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Streamers Try Cable-Style Bundling
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Streamers Try Cable-Style Bundling

More streaming companies turn to bundling as the industry faces economic headwinds.

Happy Thursday! We’re very excited to announce that The Dispatch is getting a makeover! We’ll have more information for you in the coming days, but you can expect some major upgrades to The Dispatch experience next week, including a new website, cleaner-looking emails, and an improved commenting experience. We’ll be here to walk you through it all, but get ready!

Quick Hits: Today’s Top Stories

  • In a televised address on Wednesday, Israeli Defense Minister Yoav Gallant criticized Prime Minister Benjamin Netanyahu for failing to develop a viable post-war plan for Gaza that does not involve an indefinite Israeli occupation of the territory. “I call on Prime Minister Benjamin Netanyahu to make a decision and declare that Israel will not establish civilian control over the Gaza Strip, that Israel will not establish military governance in the Gaza Strip, and that a governing alternative to Hamas in the Gaza Strip will be raised immediately,” Gallant said in the rare public criticism. Benny Gantz, also a member of the war cabinet and political rival of Netanyahu, sided with the defense minister, saying he “speaks the truth.” Gallant’s remarks came amid renewed fighting between Israeli forces and Hamas fighters in northern Gaza, where the Israel Defense Forces previously conducted clearing operations.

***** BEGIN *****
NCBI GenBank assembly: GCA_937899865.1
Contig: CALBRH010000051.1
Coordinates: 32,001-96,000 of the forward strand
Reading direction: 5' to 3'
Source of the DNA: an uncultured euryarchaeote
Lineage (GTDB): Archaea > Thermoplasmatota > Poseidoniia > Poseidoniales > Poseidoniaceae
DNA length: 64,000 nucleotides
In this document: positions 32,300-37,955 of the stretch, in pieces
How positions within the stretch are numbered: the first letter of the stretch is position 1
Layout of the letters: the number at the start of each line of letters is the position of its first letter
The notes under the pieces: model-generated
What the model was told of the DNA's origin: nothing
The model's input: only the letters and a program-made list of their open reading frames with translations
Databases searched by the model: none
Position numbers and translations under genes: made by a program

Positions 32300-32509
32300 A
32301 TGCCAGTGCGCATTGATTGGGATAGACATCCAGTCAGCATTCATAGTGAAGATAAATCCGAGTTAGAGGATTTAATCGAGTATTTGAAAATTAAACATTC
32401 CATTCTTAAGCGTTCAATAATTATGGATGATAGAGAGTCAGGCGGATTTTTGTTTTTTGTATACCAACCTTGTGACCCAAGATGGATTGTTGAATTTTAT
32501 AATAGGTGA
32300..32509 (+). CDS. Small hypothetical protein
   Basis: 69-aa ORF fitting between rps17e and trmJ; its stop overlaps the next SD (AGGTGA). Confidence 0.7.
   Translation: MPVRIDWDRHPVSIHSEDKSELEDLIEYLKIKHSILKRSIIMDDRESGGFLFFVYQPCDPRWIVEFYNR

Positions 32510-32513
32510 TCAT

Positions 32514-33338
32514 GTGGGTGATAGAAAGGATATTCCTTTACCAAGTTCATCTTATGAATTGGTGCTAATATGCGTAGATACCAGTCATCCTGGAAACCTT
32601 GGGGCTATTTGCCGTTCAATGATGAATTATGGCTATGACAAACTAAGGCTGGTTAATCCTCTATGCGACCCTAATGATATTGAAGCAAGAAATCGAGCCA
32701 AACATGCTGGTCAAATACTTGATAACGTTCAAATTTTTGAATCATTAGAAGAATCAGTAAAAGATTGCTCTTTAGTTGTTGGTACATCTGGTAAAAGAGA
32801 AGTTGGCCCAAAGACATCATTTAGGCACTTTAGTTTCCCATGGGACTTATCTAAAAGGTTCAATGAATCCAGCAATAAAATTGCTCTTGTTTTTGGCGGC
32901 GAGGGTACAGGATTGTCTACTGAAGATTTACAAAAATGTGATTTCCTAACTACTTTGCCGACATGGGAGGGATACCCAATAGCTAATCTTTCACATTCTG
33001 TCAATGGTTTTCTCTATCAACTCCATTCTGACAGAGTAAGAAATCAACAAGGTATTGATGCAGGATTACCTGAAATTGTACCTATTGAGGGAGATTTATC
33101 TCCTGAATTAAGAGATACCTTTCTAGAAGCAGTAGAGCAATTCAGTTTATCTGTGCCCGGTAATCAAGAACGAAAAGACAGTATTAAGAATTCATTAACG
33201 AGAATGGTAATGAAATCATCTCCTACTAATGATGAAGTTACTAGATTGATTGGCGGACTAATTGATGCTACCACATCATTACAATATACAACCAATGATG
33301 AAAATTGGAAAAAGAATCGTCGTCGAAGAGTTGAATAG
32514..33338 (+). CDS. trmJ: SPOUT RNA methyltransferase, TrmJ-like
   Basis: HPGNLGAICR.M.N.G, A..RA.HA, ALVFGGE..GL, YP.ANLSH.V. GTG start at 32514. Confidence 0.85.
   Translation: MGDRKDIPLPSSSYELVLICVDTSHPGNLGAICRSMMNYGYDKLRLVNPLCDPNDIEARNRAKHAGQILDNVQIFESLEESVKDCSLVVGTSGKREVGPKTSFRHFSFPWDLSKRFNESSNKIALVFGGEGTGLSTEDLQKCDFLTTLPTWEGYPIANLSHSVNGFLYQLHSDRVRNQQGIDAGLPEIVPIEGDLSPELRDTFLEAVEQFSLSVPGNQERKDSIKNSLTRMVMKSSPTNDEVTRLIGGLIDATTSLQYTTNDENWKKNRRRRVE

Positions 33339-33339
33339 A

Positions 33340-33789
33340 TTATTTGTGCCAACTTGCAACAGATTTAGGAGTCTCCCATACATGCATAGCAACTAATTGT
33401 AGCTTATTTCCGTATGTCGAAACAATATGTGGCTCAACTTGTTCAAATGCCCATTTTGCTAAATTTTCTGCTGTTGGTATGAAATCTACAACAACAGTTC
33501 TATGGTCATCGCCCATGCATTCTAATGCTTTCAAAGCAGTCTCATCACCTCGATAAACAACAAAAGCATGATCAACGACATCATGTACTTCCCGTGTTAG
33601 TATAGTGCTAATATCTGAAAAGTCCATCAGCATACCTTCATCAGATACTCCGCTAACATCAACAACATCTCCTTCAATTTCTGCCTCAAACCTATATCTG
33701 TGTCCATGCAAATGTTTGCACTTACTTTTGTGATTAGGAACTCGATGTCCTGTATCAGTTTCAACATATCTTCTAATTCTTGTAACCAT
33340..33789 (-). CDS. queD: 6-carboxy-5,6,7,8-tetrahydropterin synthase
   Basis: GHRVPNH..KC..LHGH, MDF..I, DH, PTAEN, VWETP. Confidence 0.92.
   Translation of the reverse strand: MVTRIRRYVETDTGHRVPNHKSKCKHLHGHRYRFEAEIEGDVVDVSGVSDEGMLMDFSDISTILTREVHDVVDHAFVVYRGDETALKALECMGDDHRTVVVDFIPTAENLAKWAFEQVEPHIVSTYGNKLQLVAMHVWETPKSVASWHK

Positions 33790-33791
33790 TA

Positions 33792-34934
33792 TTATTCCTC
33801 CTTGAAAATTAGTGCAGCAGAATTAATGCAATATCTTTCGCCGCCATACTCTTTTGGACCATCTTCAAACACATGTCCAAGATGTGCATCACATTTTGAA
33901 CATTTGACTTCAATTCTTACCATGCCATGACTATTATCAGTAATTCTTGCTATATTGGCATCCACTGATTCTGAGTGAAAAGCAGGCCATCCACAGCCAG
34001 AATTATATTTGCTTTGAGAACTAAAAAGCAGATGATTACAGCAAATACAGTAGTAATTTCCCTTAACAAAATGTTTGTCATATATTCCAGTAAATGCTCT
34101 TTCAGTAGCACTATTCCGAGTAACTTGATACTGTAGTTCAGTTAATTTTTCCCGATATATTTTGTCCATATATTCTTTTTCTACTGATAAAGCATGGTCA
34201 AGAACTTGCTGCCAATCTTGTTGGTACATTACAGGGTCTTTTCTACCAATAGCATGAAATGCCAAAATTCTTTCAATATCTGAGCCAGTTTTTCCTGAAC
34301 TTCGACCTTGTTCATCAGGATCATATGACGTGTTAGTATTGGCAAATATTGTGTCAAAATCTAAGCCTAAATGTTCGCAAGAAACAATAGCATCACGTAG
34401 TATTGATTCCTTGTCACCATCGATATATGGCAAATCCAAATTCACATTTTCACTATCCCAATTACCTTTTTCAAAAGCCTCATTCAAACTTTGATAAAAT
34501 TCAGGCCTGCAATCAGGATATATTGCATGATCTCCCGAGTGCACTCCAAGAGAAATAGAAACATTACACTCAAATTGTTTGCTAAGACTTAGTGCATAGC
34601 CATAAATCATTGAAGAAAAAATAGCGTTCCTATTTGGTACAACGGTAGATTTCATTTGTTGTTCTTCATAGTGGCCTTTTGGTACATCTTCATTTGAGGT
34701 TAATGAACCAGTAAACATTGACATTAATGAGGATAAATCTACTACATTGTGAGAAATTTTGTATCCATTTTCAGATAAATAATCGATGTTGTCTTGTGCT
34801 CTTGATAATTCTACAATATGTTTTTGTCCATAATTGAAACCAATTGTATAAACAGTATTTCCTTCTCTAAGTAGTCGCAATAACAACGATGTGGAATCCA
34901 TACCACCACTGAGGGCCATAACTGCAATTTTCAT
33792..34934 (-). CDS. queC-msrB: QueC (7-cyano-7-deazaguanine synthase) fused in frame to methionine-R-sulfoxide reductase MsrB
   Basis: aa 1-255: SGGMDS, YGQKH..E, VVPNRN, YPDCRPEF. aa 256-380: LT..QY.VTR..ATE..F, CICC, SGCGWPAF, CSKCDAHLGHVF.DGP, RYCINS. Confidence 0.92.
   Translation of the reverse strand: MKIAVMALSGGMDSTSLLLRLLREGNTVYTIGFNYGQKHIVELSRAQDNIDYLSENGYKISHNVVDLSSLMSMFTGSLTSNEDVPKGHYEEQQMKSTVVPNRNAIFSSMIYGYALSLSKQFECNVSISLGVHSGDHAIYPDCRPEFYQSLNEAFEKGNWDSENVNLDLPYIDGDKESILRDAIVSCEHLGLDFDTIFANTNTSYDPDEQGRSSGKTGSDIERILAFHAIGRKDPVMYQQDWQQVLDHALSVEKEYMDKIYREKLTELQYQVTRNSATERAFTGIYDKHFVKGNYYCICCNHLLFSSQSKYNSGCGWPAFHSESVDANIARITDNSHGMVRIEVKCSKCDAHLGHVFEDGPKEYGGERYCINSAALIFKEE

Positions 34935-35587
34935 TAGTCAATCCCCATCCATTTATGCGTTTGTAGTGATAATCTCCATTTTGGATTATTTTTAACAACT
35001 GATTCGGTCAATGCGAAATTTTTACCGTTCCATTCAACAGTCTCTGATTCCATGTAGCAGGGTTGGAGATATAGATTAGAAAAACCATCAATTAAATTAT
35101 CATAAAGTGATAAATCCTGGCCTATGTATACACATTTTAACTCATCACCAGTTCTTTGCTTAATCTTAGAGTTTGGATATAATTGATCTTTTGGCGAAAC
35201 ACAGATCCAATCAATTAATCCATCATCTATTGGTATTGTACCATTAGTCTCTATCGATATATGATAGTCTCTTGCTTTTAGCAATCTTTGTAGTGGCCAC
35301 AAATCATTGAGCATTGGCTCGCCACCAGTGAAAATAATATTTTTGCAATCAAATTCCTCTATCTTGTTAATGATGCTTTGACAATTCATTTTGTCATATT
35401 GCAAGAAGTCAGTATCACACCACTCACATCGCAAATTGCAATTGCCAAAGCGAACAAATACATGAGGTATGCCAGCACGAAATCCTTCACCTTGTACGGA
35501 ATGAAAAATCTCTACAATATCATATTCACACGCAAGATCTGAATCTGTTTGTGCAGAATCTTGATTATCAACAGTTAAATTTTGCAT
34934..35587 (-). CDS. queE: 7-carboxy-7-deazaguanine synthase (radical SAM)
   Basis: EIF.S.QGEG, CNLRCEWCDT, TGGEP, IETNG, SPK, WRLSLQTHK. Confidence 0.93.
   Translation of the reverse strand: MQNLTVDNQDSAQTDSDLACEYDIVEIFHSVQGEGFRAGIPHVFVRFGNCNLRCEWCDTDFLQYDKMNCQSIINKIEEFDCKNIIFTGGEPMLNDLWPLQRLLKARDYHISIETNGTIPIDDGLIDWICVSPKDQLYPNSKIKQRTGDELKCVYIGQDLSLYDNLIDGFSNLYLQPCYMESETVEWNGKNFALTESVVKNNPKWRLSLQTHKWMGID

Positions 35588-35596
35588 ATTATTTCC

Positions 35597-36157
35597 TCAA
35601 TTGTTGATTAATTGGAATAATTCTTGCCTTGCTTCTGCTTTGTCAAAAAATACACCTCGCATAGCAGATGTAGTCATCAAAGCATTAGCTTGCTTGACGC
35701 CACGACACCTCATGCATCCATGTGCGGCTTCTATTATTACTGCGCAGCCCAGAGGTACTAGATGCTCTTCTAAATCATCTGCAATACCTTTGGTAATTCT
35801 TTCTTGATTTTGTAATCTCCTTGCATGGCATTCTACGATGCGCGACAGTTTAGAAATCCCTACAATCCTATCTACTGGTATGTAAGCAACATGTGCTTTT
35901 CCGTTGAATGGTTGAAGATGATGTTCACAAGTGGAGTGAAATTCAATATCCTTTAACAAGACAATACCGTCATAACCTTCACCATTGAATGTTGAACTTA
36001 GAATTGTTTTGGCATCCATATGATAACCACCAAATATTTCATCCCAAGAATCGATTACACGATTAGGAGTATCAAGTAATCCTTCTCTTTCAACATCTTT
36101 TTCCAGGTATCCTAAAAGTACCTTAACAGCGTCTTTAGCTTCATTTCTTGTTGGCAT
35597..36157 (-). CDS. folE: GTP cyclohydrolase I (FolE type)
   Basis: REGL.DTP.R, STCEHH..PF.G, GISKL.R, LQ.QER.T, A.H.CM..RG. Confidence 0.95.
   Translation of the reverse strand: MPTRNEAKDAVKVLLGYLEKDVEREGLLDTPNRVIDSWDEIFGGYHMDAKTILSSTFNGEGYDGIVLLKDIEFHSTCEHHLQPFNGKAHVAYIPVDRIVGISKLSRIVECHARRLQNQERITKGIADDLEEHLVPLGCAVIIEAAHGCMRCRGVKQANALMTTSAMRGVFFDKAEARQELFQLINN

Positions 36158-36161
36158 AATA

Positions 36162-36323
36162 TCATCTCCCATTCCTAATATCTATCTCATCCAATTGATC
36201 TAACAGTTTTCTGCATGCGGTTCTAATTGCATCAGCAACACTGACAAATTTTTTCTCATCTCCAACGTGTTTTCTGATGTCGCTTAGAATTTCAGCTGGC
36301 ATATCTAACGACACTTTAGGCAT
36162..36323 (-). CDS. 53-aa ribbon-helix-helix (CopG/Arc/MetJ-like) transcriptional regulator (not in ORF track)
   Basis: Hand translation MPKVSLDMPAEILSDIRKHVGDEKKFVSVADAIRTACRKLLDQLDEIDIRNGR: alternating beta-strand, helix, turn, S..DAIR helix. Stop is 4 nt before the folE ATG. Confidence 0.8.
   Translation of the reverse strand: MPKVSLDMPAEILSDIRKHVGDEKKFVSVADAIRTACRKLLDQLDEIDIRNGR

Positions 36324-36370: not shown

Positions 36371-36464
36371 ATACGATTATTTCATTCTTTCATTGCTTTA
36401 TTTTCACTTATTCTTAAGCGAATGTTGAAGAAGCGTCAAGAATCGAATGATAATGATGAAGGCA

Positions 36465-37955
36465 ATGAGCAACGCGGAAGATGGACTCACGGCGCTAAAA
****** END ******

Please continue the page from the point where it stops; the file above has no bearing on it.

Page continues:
• Slovakian Prime Minister Robert Fico was shot multiple times on Wednesday in an assassination attempt. Deputy Prime Minister Tomas Taraba said last night that Fico’s surgery “went well, and I guess in the end he will survive.” As of Thursday morning, the prime minister is in serious but stable condition. Law enforcement apprehended the alleged suspect—a 71-year-old writer from western Slovakia identified as Juraj C—at the scene of the shooting, and officials said that “initial information clearly points to political motivation” but didn’t provide additional details.